There can be no return to normal because normal was the problem in the first place

Addressing the United States in a press conference on March 29, President Donald Trump voiced what has been (guiltily) running through most of our heads over the last several weeks: “I wish we could have our old life back.” As we begin to acclimatise to the new normal in which a daily headline scan seems to drag us further and further away from the life we lived a few months ago, this is an enticing thought to cling onto. Yet, such thinking is equally as dangerous as it is comforting. Displays of graffiti appeared last month across metro stations in Hong Kong translating to: “There can be no return to normal because normal was the problem in the first place.” Whilst not quite so comforting a thought, it is, day by day, becoming a more pertinent one.

The global fallout that we have witnessed over the past month has been overwhelming. At the time of writing, the global death toll stands at an estimated 252,976, with the total number of infections well on its way to 4 million. Economies are floundering, countries are being thrown into deep recession and the “invisible enemy” that politicians have introduced in endless press conferences is suddenly very much distinguishable. In the UK, it is estimated that unemployment will rise by 5 million to more than 6 million by the end of this month. One fifth of renters have had to choose between paying for food and bills and paying their landlords this month. Refuge, the UK’s largest domestic abuse charity, has reported a 700% increase in calls to its helpline in a single day. Meanwhile, for others, Zoom pub quizzes and baking banana bread has become the new daily routine.

Low socio-economic status sits right alongside old-age and pre-existing health conditions as a risk factor for fatality as a result of infection with COVID-19. People who live precarious existences at the lower ends of society financially, are 10% more likely to have a chronic health condition, revealing the colossal disparities of health and wealth across the globe. Those who are most vulnerable to this pandemic have the least resources with which they can shield themselves. Those who have suffered and will suffer most from this crisis are those least equipped to recover from it.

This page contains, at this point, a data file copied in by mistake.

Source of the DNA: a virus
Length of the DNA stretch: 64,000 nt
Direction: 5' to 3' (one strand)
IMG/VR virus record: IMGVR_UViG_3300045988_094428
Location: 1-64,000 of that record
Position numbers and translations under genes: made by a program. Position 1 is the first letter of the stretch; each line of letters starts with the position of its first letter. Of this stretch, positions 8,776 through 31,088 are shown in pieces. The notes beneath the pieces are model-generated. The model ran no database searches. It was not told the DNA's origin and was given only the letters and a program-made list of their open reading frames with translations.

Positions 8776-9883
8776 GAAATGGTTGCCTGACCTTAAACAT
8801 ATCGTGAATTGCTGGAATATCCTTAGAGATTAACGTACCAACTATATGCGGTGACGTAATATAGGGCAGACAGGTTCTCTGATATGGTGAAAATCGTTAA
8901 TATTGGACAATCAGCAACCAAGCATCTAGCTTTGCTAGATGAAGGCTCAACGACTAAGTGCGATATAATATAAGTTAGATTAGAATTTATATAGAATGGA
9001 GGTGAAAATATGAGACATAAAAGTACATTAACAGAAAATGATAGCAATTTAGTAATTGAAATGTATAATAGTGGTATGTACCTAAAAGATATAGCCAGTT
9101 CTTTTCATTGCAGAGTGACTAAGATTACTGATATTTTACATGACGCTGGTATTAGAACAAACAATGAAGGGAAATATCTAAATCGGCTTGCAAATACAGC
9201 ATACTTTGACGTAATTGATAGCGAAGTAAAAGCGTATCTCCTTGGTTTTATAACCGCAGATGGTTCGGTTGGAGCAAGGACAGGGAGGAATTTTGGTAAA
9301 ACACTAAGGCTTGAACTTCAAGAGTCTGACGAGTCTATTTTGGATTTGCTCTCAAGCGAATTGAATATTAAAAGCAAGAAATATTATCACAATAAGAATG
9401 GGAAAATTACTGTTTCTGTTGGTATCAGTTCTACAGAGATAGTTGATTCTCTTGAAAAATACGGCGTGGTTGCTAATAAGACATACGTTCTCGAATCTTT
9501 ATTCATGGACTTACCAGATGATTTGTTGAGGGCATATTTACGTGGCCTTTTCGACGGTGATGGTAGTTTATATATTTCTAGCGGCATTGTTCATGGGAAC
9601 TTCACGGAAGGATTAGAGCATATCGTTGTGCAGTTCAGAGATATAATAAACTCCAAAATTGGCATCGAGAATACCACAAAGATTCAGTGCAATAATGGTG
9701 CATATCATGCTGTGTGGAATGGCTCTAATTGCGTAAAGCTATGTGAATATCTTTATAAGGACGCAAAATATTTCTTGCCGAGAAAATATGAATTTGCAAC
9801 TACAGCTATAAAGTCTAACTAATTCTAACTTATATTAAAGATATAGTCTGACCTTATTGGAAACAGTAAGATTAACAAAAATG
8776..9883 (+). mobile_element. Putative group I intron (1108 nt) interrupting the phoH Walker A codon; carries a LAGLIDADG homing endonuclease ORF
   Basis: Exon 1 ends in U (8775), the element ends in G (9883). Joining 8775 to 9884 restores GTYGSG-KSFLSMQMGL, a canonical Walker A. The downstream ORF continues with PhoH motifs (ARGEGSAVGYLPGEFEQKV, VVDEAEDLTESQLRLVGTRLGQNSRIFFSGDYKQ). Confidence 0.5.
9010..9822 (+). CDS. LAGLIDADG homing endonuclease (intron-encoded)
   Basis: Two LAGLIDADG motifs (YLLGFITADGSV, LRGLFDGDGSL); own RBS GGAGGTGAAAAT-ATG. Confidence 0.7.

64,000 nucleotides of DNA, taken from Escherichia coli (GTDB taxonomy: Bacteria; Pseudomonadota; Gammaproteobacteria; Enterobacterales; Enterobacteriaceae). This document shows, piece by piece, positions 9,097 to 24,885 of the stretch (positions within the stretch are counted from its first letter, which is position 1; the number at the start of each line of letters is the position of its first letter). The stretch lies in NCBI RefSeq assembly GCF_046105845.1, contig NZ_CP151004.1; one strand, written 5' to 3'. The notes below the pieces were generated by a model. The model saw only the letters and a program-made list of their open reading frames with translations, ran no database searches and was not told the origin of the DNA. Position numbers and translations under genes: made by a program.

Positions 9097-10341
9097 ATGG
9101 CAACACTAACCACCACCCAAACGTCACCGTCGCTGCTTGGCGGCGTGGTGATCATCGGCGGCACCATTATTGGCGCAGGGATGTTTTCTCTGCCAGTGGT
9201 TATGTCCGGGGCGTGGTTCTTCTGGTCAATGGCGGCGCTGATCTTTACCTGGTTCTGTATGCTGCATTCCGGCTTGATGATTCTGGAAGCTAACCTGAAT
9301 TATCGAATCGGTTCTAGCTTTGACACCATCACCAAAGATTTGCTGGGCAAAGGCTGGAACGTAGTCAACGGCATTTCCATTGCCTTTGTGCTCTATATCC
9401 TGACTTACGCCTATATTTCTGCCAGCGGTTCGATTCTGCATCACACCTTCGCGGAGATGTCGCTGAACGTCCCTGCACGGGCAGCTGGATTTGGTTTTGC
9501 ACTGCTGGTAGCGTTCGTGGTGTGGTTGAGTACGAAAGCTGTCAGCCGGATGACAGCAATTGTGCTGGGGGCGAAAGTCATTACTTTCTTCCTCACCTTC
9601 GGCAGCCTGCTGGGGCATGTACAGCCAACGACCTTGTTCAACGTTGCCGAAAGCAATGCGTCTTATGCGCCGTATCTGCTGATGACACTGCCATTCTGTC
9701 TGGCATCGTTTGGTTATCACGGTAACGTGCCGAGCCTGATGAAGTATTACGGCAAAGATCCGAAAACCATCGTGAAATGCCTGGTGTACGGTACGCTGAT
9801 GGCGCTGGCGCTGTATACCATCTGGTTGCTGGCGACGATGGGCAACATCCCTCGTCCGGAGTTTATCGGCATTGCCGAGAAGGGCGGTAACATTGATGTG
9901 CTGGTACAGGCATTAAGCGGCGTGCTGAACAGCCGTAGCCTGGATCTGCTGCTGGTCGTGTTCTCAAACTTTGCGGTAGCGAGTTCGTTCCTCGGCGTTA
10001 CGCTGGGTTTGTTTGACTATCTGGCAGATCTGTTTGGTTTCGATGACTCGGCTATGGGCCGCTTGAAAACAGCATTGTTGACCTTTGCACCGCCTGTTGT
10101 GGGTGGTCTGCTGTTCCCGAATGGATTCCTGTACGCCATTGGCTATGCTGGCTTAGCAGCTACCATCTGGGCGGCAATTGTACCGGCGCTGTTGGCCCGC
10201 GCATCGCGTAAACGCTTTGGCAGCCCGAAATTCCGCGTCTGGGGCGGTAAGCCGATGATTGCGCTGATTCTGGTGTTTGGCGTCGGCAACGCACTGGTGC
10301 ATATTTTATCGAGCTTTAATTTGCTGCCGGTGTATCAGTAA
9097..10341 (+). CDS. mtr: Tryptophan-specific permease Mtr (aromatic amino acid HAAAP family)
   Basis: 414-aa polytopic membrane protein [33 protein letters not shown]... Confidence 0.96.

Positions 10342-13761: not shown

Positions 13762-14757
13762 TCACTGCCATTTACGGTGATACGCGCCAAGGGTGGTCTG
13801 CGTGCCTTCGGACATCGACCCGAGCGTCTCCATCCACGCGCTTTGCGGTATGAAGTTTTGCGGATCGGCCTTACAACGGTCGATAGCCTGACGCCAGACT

Coronavirus has been labelled as some kind of societal leveller, an equaliser that does not discriminate. This could not be more untrue. This pandemic has carved each crevice of inequality in society even deeper; the devastating effects that have unfolded over the last two months have been distributed along existing fault lines. Unemployment is not a new phenomenon. Neither is eviction. Nor is domestic abuse, restricted access to healthcare or rough sleeping. All of these issues were rife in the UK before any of us had ever heard the word coronavirus; they have just been easier to ignore until now.  The safety nets that governments have put in place to help people as this crisis unfolds will not catch everyone because so many were already falling long before the coronavirus outbreak. This pandemic has not created new inequalities, it has exacerbated old ones. It has confronted us with what we have for so long held at arms length: our society is fundamentally unstable because of the foundation of inequality upon which it has been built and by which it is fuelled. A society and an economy already withered by austerity politics is not a population prepared to deal with a pandemic, but rather a balancing act of precarity set to crumble under any form of excess strain.

Social and economical contours that have been traced over again and again continue to fracture the UK as we are still very much held in the painful grip of this pandemic. The way that our societies function, feeding off of inequality, has exponentially worsened this crisis and the question begs, why has it taken such an extremity for us to realise how unbalanced the playing field is?

It is still unclear what the world will look like when the dust finally begins to settle, but it is certain that for many people it will be immeasurably more difficult. When we begin to rebuild our lives and societies again, we cannot revert back to the old ways of thinking that pushed so many people into positions of intense vulnerability. It is time to question a society that allowed such fierce inequality, because for the millions of people who have already become collateral damage, it is too late.

Image: CDC via Pexels 

By Chess O'Mahony

Comment Editor